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Heart of Darkness: How Whale Hunting Survives in the Faroe Islands

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Given the intimate connection between Faroese identity and the pilot whale hunt, it’s not surprising that the Faroese are cautious when talking to outsiders about the tradition. Those Faroese who are opposed to the practice are willing to discuss the issue with foreigners, but they do so in hushed voices. I met one girl in her twenties, a clerk at a Tórshavn bookstore, who spoke passionately about the suffering of the whales during the killing. But as we talked she lowered her voice, and kept looking over her shoulder to make sure we were not overheard. “A lot of people react to my views by accusing me of being disloyal to Faroese culture,” she explained.

photo Finur Justinussen

Despite the cultural prohibition against criticizing the grindadráp, local opposition to the hunt appears to be on the rise. During my second visit to the Faroe Islands, I was approached by locals who oppose pilot whaling and are not afraid to say so publicly. One of them is Ingi Sørensen, a professional diver and underwater photographer who is fiercely against the slaughter. Sørensen has created a Facebook group called Faroese Against Pilot Whale Hunting. So far, the group has about 220 members. “I wanted to create a forum where those in the Faroe Islands who oppose the pilot whale slaughter can gather and share their thoughts freely and without fear,” he told me. “There is no justification to wipe out entire schools of pilot whales, and the much-used argument of maintaining the hunt as a Faroese tradition has no validity.”

According to Sørensen and other opponents of the hunt, there is a generational divide among Faroese on the issue. Older people cannot imagine the Faroe Islands without the pilot whale hunt. Many younger people are ambivalent about the tradition; to them it seems an anachronism. “Pilot whales have kept us alive for centuries,” Sørensen, 52, said. “They have saved us from starvation. Today, their meat is so toxic our own health authorities tell us it’s too dangerous to eat.”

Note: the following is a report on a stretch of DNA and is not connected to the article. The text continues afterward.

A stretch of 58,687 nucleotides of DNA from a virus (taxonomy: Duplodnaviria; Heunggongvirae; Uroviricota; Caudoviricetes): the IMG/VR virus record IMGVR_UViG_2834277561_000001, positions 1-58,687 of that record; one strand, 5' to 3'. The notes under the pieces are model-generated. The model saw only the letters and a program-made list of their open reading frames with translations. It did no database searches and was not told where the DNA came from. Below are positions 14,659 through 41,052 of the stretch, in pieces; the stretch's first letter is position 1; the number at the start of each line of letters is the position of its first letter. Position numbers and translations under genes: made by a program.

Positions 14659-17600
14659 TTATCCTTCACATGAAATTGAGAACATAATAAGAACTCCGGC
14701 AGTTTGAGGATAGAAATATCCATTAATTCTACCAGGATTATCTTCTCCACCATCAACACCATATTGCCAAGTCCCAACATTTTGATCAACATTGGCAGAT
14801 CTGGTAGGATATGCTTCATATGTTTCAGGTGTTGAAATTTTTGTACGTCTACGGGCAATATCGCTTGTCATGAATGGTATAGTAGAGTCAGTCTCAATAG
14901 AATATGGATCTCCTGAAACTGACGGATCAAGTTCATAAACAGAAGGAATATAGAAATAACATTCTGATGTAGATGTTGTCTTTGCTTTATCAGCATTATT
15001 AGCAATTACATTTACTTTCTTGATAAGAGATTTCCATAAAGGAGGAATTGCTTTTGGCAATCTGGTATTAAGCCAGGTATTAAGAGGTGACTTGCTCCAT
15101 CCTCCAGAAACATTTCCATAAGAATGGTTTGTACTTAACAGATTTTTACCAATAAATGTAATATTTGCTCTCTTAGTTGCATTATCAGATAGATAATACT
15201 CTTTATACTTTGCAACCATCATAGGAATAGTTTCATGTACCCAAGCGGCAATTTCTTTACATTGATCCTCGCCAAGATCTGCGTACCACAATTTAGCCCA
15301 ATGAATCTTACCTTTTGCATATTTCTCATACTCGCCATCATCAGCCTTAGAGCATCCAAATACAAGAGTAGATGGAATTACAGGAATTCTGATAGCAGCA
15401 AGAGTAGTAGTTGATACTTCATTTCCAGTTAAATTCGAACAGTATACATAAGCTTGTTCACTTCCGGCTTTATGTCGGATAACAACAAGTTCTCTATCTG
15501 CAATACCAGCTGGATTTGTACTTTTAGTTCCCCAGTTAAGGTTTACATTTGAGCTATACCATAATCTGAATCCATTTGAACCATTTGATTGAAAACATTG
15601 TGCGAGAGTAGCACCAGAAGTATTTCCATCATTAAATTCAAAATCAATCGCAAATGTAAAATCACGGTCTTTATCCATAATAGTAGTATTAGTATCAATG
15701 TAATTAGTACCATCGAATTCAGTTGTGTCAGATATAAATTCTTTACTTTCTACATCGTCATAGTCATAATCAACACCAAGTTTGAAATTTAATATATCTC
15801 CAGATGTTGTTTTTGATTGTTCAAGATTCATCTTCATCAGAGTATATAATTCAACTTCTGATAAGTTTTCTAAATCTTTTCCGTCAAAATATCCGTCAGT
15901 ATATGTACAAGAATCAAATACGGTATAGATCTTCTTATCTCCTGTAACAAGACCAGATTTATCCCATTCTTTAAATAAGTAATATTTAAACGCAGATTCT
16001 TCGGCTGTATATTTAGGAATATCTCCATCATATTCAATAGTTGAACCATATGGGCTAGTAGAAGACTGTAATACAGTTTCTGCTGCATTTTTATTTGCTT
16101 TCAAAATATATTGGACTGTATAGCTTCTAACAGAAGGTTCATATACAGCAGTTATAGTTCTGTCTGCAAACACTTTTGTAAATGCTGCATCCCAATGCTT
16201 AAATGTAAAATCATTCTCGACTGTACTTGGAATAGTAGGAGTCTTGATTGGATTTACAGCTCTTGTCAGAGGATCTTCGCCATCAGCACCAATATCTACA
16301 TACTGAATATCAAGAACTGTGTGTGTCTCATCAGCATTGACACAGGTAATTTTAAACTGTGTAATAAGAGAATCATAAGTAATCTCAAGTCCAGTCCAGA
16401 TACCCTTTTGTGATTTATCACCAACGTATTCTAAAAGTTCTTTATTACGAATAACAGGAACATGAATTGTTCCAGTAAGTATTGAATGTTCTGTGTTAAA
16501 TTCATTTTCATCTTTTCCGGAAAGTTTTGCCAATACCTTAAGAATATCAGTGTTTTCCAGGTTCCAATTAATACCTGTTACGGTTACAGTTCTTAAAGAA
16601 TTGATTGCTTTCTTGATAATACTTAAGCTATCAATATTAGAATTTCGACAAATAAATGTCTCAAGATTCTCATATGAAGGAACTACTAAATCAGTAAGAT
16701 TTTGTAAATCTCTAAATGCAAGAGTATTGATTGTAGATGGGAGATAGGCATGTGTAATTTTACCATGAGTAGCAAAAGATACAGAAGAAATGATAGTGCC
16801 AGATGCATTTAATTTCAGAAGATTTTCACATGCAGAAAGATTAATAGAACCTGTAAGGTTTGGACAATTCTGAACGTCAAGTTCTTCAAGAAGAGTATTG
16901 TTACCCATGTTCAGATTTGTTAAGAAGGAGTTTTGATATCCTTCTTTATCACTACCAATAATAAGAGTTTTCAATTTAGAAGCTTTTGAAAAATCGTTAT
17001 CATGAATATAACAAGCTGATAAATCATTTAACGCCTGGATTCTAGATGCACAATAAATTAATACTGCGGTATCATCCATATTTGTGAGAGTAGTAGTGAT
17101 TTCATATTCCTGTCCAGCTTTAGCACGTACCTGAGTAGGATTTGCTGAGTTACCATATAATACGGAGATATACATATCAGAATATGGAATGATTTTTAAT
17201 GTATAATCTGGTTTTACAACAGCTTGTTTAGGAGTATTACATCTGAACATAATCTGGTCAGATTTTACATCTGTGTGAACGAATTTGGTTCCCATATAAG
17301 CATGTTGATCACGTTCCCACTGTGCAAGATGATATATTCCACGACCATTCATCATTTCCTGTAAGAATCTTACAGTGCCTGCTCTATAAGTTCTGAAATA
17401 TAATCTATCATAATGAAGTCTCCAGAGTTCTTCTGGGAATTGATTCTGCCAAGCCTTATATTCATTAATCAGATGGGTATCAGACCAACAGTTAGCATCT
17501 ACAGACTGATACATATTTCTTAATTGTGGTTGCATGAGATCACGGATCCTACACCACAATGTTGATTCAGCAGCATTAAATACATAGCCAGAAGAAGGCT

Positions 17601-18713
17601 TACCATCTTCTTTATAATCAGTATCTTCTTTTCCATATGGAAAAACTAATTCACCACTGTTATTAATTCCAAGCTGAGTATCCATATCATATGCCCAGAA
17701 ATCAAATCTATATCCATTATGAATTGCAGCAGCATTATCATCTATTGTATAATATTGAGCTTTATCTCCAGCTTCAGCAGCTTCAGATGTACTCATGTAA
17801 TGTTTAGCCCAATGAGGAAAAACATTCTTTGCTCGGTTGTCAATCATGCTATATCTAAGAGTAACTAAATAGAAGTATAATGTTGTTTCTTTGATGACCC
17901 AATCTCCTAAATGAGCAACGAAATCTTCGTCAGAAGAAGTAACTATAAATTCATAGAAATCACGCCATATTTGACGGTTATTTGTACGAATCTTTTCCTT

A woman in her twenties who wanted to remain anonymous told me: “I feel that pilot whaling is becoming a huge cultural burden on the young people here. We are told that pilot whaling is an important part of our culture, and one that we need to keep alive. But pilot whaling is not a cultural aspect that I have an interest in maintaining.”

Beyond the generational divide, there is also a gender gap when it comes to the hunt. Women, especially young mothers, are not enthusiastic about feeding their families meat known to contain dangerous toxins. Dr. Pál Weihe, coauthor of the 2008 statement about contaminants in whale meat, is convinced that the hunt will end in the not-too-distant future.

photo Finur Justinussen

“Women make up a significant part of the family, and as soon as they limit their intake of pilot whale, things will start to happen,” Dr. Weihe told me during a conversation in his office. “Women carry the tremendous responsibility of ensuring the health of children to come and therefore filter out any arguments of history, culture, and politics. They have a lot to say about a family’s diet, and we will see a drastic reduction in the consumption of pilot whale overall.”

Aggi Ásgerð Ásgeirsdóttir is one of those women who refuse to serve pilot whale meat to her family. An artist and a mother of three, Ásgeirsdóttir lives in a classic Faroese wooden house on a hill overlooking Tórshavn – the kind of place that could be a postcard for Faroese culture. But she has no interest in participating in the tradition of the grindadráp. “We don’t depend on pilot whaling for survival any longer,” she said. “The opposite is true: To ensure our own health, and the health of generations to come, we need to stop viewing pilot whales as a food source.”